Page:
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The BAH domain of ORC1 links H4K20me2 to DNA replication licensing and Meier–Gorlin syndrome


The recognition of distinctly modified histones by specialized ‘effector’ proteins constitutes a key mechanism for transducing molecular events at chromatin to biological outcomes1. Effector proteins influence DNA-templated processes, including transcription, DNA recombination and DNA repair; however, no effector functions have yet been identified within the mammalian machinery that regulate DNA replication. Here we show that ORC1—a component of ORC (origin of replication complex), which mediates pre-DNA replication licensing2—contains a bromo adjacent homology (BAH) domain that specifically recognizes histone H4 dimethylated at lysine 20 (H4K20me2). Recognition of H4K20me2 is a property common to BAH domains present within diverse metazoan ORC1 proteins. Structural studies reveal that the specificity of the BAH domain for H4K20me2 is mediated by a dynamic aromatic dimethyl-lysine-binding cage and multiple intermolecular contacts involving the bound peptide. H4K20me2 is enriched at replication origins, and abrogating ORC1 recognition of H4K20me2 in cells impairs ORC1 occupancy at replication origins, ORC chromatin loading and cell-cycle progression. Mutation of the ORC1 BAH domain has been implicated in the aetiology of Meier–Gorlin syndrome (MGS)3,4, a form of primordial dwarfism5, and ORC1 depletion in zebrafish results in an MGS-like phenotype4. We find that wild-type human ORC1, but not ORC1–H4K20me2-binding mutants, rescues the growth retardation of orc1 morphants. Moreover, zebrafish depleted of H4K20me2 have diminished body size, mirroring the phenotype of orc1 morphants. Together, our results identify the BAH domain as a novel methyl-lysine-binding module, thereby establishing the first direct link between histone methylation and the metazoan DNA replication machinery, and defining a pivotal aetiological role for the canonical H4K20me2 mark, via ORC1, in primordial dwarfism.

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Figure 1: The ORC1 BAH domain is a novel H4K20me2-binding module.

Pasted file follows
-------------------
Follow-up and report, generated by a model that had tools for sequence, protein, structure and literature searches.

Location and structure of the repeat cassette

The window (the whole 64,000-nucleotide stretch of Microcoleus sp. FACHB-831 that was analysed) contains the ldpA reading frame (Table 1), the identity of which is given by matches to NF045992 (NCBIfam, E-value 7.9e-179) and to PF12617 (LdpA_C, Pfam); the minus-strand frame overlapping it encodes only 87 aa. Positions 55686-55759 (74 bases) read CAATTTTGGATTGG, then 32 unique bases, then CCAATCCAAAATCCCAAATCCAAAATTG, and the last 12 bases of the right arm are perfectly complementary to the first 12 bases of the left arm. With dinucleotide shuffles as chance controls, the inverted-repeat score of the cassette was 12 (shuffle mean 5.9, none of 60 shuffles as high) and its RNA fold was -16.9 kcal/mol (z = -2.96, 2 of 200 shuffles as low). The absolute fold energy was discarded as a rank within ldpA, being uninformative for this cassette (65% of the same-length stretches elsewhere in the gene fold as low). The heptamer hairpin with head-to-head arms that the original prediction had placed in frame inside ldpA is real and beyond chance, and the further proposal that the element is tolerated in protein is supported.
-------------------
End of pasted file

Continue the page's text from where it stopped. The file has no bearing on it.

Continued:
Figure 2: The molecular basis of H4K20me2 recognition by ORC1BAH.
Figure 3: ORC1–H4K20me2 interaction regulates ORC chromatin association and cell-cycle progression.
Figure 4: Disruption of the ORC1 BAH –H4K20me2 interaction leads to dwarfism in zebrafish.


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We thank R. Tennen for critical reading of the manuscript. This work was supported in part by grants to O.G. (R01 GM079641), D.J.P. (Abby Rockefeller Mauze, STARR and Maloris Foundations) and J.K.C. (DP1 OD003792), and a predoctoral fellowship to A.J.K. (Genentech Foundation). O.G. is a recipient of an Ellison Senior Scholar in Aging Award.

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Authors and Affiliations



A.J.K. and P.C. performed the molecular biology, cellular and zebrafish studies; J.S. performed structural and binding affinity studies; S.Y. and J.K.C. advised on zebrafish experiments; S.I.-M. assisted in protein production and crystallization. A.J.K., P.C., J.S., D.J.P. and O.G. designed studies, analysed data and wrote the paper. All authors discussed and commented on the manuscript.

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Correspondence to Dinshaw J. Patel or Or Gozani.

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The authors declare no competing financial interests.

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Kuo, A., Song, J., Cheung, P. et al. The BAH domain of ORC1 links H4K20me2 to DNA replication licensing and Meier–Gorlin syndrome. Nature 484, 115–119 (2012).

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